Note from the Editorial Board: This election cycle we decided to do something different. We compiled some of the key stories that have developed on and after election night. Monday night was dramatic, and the events that followed offered a look into the future of national unity in Canada, among other things. With the federal election finally coming to an end, here’s a few things we had our eye on this election cycle:


Source: CBC News

Western Separation:

Less than 24 hours after the results came in and #Wexit is trending on Twitter, yikes. Matter of fact, #Wexit, #WexitAlberta, and #WexitSaskatchewan have been trending all day on Tuesday October 22nd, just one day after the federal election. Premier Scott Moe of Saskatchewan, and Jason Kenney of Alberta, have both sent Trudeau letters demonstrating their frustration with Ottawa and the deep-rooted anxiety the provinces have felt as a result of not being able to adequately develop their energy. Western Canada has been singing this song for quite a while now, and with the Conservatives winning 14/14 seats in Saskatchewan, and 33/34 in Alberta, it’s no wonder why. The typical cast on Twitter, led by Brett Wilson, have sent a strong message that Western Canada’s patience may no longer be in abundance


Au-Revoir Confederation:

“On veut un pays!” – we want a country. Leader of the Bloc Quebecois, Yves Francois-Blanchet, was met with a very separatist crowd as he gave his speech ending a successful night which saw the Bloc picking up a total of 32 seats. Blanchet’s tone was consistent with his sovereigntist views. “The Bloc will also be a party one can talk to, unless were talking about putting more oil across Quebec”. His entire acceptance speech sought to undermine Canadian confederation, stating that it’s not his mission or mandate to advocate for confederation. With the regionalist divides in this country ever-growing, Blanchet’s speech provided no support in healing a divided nation.


The Conservative Problem:

The Conservatives were subpar at best on Monday night. Finishing the night with a modest 121 seats and winning the popular vote by around 250,000 votes (compared to the Liberal share). This begs the question, what’s next for Canada’s Conservatives? It’s pretty clear that the Liberal strategy of equating Doug Ford to Andrew Scheer in Ontario worked, seeing the tories only winning 36 seats in comparison to the Liberals 79 seats. Not only did they perform poorly in Ontario, but they also lost Conservative powerhouse and party thought leader Lisa Raitt in her Milton riding. Something has got to give next time around for the Conservatives, that is if they want to avoid humiliation in Ontario again. The Conservatives will look back and reflect on the fact that the balance of power in this country is overwhelmingly left-wing. 217/338 seats in the house of commons belong to explicitly left-wing parties: Liberals, Bloc, NDP, and Greens.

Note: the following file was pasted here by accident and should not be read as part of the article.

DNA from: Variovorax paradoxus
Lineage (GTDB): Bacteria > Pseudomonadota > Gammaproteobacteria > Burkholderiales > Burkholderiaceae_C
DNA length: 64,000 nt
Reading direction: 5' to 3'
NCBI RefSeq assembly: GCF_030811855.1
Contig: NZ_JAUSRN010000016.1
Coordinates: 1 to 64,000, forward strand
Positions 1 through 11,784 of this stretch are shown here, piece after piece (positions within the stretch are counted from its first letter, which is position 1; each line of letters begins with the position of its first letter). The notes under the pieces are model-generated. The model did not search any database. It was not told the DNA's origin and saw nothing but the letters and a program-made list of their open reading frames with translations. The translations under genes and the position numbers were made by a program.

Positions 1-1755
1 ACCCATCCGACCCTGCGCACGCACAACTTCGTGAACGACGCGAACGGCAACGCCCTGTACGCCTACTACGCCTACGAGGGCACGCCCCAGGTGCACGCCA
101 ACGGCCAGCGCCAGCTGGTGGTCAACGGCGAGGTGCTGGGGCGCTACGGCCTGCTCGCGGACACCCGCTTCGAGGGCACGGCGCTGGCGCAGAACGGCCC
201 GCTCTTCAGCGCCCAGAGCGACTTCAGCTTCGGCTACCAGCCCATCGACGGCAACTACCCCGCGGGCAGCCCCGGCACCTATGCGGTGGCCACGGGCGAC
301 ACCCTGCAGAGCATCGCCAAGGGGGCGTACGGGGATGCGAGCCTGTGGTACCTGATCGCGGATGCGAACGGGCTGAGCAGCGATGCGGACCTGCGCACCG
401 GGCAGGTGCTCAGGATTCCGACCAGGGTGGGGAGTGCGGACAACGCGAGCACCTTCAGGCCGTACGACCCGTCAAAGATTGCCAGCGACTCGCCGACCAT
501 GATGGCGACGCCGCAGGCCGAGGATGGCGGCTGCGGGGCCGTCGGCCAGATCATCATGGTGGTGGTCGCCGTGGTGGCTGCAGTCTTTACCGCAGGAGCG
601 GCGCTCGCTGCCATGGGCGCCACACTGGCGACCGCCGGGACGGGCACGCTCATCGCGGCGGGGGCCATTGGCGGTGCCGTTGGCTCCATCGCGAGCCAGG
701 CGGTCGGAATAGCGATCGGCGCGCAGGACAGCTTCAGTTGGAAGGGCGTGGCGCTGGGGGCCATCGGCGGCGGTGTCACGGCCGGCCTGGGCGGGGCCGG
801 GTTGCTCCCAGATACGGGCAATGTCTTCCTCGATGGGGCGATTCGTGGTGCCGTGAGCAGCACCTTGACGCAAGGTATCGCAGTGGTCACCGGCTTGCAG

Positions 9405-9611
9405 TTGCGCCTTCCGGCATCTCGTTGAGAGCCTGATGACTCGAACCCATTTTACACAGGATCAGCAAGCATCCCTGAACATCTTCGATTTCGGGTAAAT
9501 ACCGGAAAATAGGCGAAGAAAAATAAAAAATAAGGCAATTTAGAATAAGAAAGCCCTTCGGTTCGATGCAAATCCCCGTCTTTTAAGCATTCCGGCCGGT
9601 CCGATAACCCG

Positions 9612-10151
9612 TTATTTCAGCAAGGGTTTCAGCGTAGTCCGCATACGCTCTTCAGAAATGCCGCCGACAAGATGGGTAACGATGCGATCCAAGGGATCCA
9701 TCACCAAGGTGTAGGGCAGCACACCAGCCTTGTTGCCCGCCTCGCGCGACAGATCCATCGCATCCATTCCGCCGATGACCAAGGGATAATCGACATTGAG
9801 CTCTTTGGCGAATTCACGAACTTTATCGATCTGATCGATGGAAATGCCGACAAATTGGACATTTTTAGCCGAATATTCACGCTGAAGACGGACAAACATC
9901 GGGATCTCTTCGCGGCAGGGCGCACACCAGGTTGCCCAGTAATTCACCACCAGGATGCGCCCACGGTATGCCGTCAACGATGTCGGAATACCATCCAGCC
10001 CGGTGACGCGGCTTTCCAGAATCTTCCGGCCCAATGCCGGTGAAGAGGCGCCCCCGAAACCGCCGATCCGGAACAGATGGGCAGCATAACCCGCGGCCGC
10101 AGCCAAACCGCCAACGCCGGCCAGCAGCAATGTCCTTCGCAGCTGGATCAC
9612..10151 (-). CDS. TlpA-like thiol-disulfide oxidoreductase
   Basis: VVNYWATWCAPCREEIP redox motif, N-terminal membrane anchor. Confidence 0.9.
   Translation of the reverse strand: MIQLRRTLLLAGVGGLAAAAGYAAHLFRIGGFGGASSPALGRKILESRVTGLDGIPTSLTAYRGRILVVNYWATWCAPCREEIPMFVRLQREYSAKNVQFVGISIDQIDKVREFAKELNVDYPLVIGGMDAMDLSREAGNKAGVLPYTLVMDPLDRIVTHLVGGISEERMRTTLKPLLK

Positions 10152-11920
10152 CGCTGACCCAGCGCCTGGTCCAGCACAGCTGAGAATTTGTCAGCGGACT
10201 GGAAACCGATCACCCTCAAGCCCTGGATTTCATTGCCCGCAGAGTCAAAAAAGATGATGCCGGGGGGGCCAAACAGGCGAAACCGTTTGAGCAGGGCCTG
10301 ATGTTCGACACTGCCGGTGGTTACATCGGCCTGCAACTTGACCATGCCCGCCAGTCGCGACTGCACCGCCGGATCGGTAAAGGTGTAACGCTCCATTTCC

Is it finally time the Conservatives look for another leader? Jason Kenney? Peter MacKay? What’s clear is that being socially conservative in Canada is a non-starter. Andrew Scheer distinctly separated himself by not attending any pride parades, being personally opposed to same-sex marriage, and being pro-life. This could be the last election we see a socially conservative leader of a federal party, because last night was a clear rebuke of him and his leadership. Although she lost her seat on Monday night, the future of the Conservative party could be in “small c” Conservatives like Lisa Raitt.


A Liberal Success Story:

Eric Grenier said it best, Liberals lost support from coast to coast, except in the most decisive battlegrounds of Quebec and Ontario. It’s now clear why the Liberals didn’t pursue electoral reform in the last four years – it certainly wouldn’t work in their favour. Leading up to the election, the Liberals positioned themselves as the only real progressive option that stands a chance at getting elected. The latter half of that statement is the operative part, they went back to the old Liberal/Conservative ways of pushing for strategic voting. They wrote the NDP and Green’s off as unrealistic options that stand no chance of actually getting elected, in doing so they managed to come out of Monday night with 157 seats compared to the NDP’s 24 and Green’s 3 seats respectively. The Liberals started the night strong holding on to 26/32 seats in Atlantic Canada, considering they could only possibly lose seats in Atlantic Canada, 6 seats seem a modest and manageable loss. Gerald Butts, among others, have pointed out on social media that it might be near impossible to win federally in Canada without a serious environmental policy, taking a subtle dig at the Conservatives (he may be right).


Notable Mentions:

Congratulations to Eric Melillo for being elected the youngest ever Conservative MP for the riding of Kenora (born 1998). Also, congratulations to Jody Wilson-Raybould for being re-elected as an Independent, it wasn’t so great a night for fellow Independent Jane Philpott. We can’t end things off without at least mentioning Lisa Raitt and Ralph Goodale, they both had extraordinary political careers for the books. And finally, one of the most captivating stories of the night, Maxime Bernier losing his seat in Beauce. As Dalhousie Professor Howard Ramos puts it, alt-right politics in Canada have failed once again.